Battle Lines is an essay by academics Robyn Creswell and Bernard Haykel in The New Yorker on the poetry of jihadis, especially those who follow the Islamic State. They argue that the way to understand them is to study their cultural products, especially poetry, which is part of their daily socialization, as discussed in this video. Poetry has a special status in the Arab world. Elisabeth Kendall explores that context in her essay Yemen’s al-Qa'ida and Poetry as a Weapon of Jihad. Jihadi poetry is closely linked to the nasheed tradition of songs which are usually sung a capella. Behnam Said traces their history in the essay Hymns ( Nasheeds): A Contribution to the Study of the Jihadist Culture.
Lament for the Dead is an online community poetry project which will mark the death of every person killed by police this summer, and every police officer who loses life in the line of duty, with a poem
"On July 18, in a moment of belated poetic justice, a stone will be laid on the otherwise unmarked grave of Thaddeus Marshall, an African-American street vendor from Rutherford, N.J., noting his unsung contribution to American literature."
As bread owes something to the wheat winnower, etc. So much happening in between. A letter from Ezra Pound to French critic/academic, Rene Taupin. [more inside]
Richard Siken (previously) published his second book of poetry, War of the Foxes, in April. Supernatural fans thought it was fanfic - specifically Wincest - and have used many lines to fuel their own slash. Meanwhile, Siken himself has become involved in Sherlock slash. The Awl's Adam Carlson interviews Siken about all this and more, including I Can Haz Siken.
22 Books by Black Authors to Add to Your Beach Bag this Summer In response to recently published summer reading lists from The New York Times and NPR that featured mostly White authors, Blavity shares a list of 22 summer reads from Black authors. [more inside]
Juan Felipe Herrera, From Farm Fields to Poet Laureate [New York Times]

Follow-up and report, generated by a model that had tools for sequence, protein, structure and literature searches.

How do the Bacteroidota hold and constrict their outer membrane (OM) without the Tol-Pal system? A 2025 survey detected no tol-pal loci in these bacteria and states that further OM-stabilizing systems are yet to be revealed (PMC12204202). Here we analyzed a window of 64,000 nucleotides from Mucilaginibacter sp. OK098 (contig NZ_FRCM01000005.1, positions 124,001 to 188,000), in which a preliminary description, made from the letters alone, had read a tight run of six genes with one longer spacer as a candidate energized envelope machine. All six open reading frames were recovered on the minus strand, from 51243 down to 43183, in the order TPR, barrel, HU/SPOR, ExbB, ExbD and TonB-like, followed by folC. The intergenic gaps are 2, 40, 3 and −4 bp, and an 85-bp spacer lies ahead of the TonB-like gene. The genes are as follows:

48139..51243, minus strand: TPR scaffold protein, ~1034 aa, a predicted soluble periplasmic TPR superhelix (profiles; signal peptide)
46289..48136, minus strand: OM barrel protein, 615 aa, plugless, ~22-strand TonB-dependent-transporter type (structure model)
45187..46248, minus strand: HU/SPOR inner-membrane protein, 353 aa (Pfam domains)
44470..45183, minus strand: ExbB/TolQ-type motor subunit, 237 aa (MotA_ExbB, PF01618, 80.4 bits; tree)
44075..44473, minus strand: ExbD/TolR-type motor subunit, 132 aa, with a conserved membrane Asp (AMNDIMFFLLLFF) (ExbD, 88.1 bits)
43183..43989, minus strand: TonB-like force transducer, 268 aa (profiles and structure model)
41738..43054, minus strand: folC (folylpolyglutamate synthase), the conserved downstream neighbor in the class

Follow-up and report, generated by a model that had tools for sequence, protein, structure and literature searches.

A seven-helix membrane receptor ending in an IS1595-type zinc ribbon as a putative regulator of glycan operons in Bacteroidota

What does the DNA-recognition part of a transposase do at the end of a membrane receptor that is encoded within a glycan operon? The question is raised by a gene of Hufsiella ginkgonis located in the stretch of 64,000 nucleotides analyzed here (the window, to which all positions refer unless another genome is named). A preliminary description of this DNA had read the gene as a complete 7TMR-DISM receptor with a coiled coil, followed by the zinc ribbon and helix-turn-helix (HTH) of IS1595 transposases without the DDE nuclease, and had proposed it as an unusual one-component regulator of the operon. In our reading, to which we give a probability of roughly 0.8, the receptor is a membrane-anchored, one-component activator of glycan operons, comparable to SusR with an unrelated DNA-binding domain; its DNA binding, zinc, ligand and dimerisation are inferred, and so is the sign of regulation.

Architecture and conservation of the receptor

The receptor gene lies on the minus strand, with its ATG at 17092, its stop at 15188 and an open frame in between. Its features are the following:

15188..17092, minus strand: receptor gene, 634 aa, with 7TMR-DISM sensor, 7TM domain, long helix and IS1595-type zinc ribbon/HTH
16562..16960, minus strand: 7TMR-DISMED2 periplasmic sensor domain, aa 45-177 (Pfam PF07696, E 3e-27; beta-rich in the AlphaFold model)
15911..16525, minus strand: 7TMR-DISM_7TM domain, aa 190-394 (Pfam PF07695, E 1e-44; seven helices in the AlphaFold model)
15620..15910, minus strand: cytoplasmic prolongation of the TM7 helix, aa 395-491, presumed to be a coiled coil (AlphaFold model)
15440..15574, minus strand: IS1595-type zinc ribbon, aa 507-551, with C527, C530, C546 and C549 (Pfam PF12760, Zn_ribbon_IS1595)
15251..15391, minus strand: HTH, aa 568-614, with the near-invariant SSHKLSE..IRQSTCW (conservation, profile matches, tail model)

The Library of Congress announced on Wednesday that Juan Felipe Herrera, a son of migrant farmworkers whose writing fuses wide-ranging experimentalism with reflections on Mexican-American identity, will be the next poet laureate. The appointment of Mr. Herrera, who will succeed Charles Wright, comes as the country is debating immigration, a recurring subject of his work, which has been collected in books like “Border-Crosser With a Lamborghini Dream” and “187 Reasons Mexicanos Can’t Cross the Border.”[more inside]
Poem of the Week is a series in The Guardian's books section, originally started by Sarah Crown but quickly taken over by poet, playwright and professor Carol Rumens. Every week she selects, introduces and interprets one poem. The archive has about four hundred poems, with only a few repeat poets, so here are a few favorites, ranging from English-language classics (John Donne, John Keats, Emily Dickinson), contemporary poets (Shazea Quraishi, Kei Miller, Katha Pollit) translated classics (Wang Wei, Horace, Rainer Maria Rilke), translated contemporary writers (Tua Forsström, Zeng Di, Aurélia Lassaque) the unfairly neglected (Adelaide Crapsey, Rosemary Tonks, Lady Mary Wortley Montagu), avant-garde (Gertrude Stein, Hugo Ball, John Ashbery) and anonymous (The Lyke-Wake Dirge, The Bridal Morn, This Endris Night). There are hundreds more on all kinds of subjects by all kinds of poets.